I am having dinner with Brian on Wednesday so I will keep you posted. It is making me crazy knowing that those two bottles are out there and I have not tasted it, yet!

Brian knows this fact.

Caol Ila – 18 year!

27 Jul

UPDATE: As of 8/4/2009, I have been notified by a colleague that the Caol Ila 18-year is now sold out.

So today, I went on a little trip around the DC metropolitan area and made a couple of stops. I made an interesting find in an unlikely spot!

First stop was at Pearson’s Wine and Spirits on Wisconsin Ave NW, Washington DC. Pearson’s has a very nice selection of every day scotches: Ardbeg, Glenmorangie, Talisker, Lagavulin, Glenfiddich, Glenlivet, Glenkinchie, Cragganmore, and Laphroiag to name a few (view website listing here). The Lagavulin 16-year is probably the best price I have seen it anywhere ($69.99). However, I was unmoved by anything “special” there in the store so I walked away without a new purchase.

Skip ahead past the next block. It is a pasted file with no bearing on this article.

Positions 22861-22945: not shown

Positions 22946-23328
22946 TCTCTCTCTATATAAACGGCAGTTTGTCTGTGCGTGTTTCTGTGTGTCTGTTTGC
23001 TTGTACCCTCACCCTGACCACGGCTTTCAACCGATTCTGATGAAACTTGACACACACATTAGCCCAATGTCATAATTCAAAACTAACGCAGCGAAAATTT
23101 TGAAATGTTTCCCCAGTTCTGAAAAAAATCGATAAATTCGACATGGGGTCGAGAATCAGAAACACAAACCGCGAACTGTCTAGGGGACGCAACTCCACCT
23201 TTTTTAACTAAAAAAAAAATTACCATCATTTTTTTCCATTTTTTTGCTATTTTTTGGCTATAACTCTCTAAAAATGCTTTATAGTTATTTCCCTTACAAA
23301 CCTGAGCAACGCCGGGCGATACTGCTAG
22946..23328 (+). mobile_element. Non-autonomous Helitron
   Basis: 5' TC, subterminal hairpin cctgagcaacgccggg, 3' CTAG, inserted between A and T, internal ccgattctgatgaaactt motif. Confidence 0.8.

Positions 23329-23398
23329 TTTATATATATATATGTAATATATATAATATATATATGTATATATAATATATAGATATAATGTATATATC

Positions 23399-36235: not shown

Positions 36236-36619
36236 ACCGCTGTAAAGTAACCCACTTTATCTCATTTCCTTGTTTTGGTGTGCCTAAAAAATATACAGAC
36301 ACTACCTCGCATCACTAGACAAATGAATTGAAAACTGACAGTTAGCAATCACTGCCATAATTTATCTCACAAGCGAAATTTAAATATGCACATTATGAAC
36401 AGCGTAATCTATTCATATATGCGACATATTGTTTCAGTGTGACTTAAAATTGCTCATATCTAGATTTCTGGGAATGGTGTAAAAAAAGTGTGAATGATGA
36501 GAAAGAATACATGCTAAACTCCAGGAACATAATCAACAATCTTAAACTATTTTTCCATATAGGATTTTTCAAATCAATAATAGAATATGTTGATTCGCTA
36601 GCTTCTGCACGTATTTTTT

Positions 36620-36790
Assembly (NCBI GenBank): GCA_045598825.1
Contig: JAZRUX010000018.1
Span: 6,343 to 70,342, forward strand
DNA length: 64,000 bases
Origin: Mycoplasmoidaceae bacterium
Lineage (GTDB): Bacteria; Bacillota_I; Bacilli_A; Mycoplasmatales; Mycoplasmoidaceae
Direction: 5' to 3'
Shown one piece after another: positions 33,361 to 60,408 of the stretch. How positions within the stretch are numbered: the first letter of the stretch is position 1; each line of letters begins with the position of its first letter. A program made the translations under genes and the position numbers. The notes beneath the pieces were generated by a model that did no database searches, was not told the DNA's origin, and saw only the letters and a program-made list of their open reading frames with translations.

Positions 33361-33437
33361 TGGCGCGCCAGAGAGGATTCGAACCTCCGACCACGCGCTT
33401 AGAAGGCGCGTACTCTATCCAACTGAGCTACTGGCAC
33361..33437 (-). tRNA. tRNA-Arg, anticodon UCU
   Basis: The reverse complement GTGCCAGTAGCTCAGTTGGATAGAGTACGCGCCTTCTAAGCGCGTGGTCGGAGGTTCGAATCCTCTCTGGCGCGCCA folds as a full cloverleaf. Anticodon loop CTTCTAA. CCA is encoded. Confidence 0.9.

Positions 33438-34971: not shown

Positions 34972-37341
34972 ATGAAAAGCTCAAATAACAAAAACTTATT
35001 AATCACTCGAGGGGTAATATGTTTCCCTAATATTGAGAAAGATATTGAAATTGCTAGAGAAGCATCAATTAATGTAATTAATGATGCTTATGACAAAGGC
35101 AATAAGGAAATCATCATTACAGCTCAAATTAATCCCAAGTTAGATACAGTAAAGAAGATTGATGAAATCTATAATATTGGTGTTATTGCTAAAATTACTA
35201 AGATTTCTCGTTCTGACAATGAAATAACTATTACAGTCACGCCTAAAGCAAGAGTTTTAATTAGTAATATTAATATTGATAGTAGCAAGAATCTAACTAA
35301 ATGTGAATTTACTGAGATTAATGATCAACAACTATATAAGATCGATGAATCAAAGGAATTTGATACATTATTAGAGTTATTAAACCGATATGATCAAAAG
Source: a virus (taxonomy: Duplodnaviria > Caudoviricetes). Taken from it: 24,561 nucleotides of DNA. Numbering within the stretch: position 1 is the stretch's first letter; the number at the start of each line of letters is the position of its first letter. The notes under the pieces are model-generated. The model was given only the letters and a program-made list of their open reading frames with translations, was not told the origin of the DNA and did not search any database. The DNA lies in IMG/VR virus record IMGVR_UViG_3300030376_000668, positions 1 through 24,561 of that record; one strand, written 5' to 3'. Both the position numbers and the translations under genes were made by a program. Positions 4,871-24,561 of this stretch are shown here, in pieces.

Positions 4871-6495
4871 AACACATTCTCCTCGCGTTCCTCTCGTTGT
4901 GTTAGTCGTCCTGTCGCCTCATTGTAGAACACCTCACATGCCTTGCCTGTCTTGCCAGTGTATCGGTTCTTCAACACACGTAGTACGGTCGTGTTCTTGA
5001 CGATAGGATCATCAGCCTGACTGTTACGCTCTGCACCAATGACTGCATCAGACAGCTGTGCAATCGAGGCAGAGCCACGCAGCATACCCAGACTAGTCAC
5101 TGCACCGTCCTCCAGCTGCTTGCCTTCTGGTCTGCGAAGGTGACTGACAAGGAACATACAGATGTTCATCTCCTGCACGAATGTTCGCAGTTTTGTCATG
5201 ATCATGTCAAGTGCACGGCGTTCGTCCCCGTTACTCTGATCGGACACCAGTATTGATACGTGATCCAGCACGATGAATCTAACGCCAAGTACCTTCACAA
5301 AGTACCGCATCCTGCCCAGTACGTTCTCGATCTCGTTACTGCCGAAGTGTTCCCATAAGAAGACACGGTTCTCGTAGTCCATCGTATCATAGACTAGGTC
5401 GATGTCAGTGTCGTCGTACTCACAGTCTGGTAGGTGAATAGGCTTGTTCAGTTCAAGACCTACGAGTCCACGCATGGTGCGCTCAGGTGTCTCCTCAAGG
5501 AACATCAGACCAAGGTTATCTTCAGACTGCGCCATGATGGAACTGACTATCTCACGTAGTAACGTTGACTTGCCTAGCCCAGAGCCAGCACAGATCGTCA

I must start this next stop with a little back story. I have been searching for a bottle of Caol Ila 18-year (pronounced “cull eel”) for several months now. After reading about it in Michael Jackson’s Complete Guide to Single Malt Scotch, I felt that I would really enjoy a bottle. I soon found out by several proprietors of liquor stores that finding it was described to me as “impossible. You might as well forget about that one.”

Very long story short, if you are interested in this “rare” finding here in the states, you can find it in the Virginia ABC store at the intersection of Lee Highway and Old Dominion here in Arlington, Virginia! As of today, July 26, 2009, they have five bottles left at $66. They also have their 25-year Caol Ila on sale for $159 or so.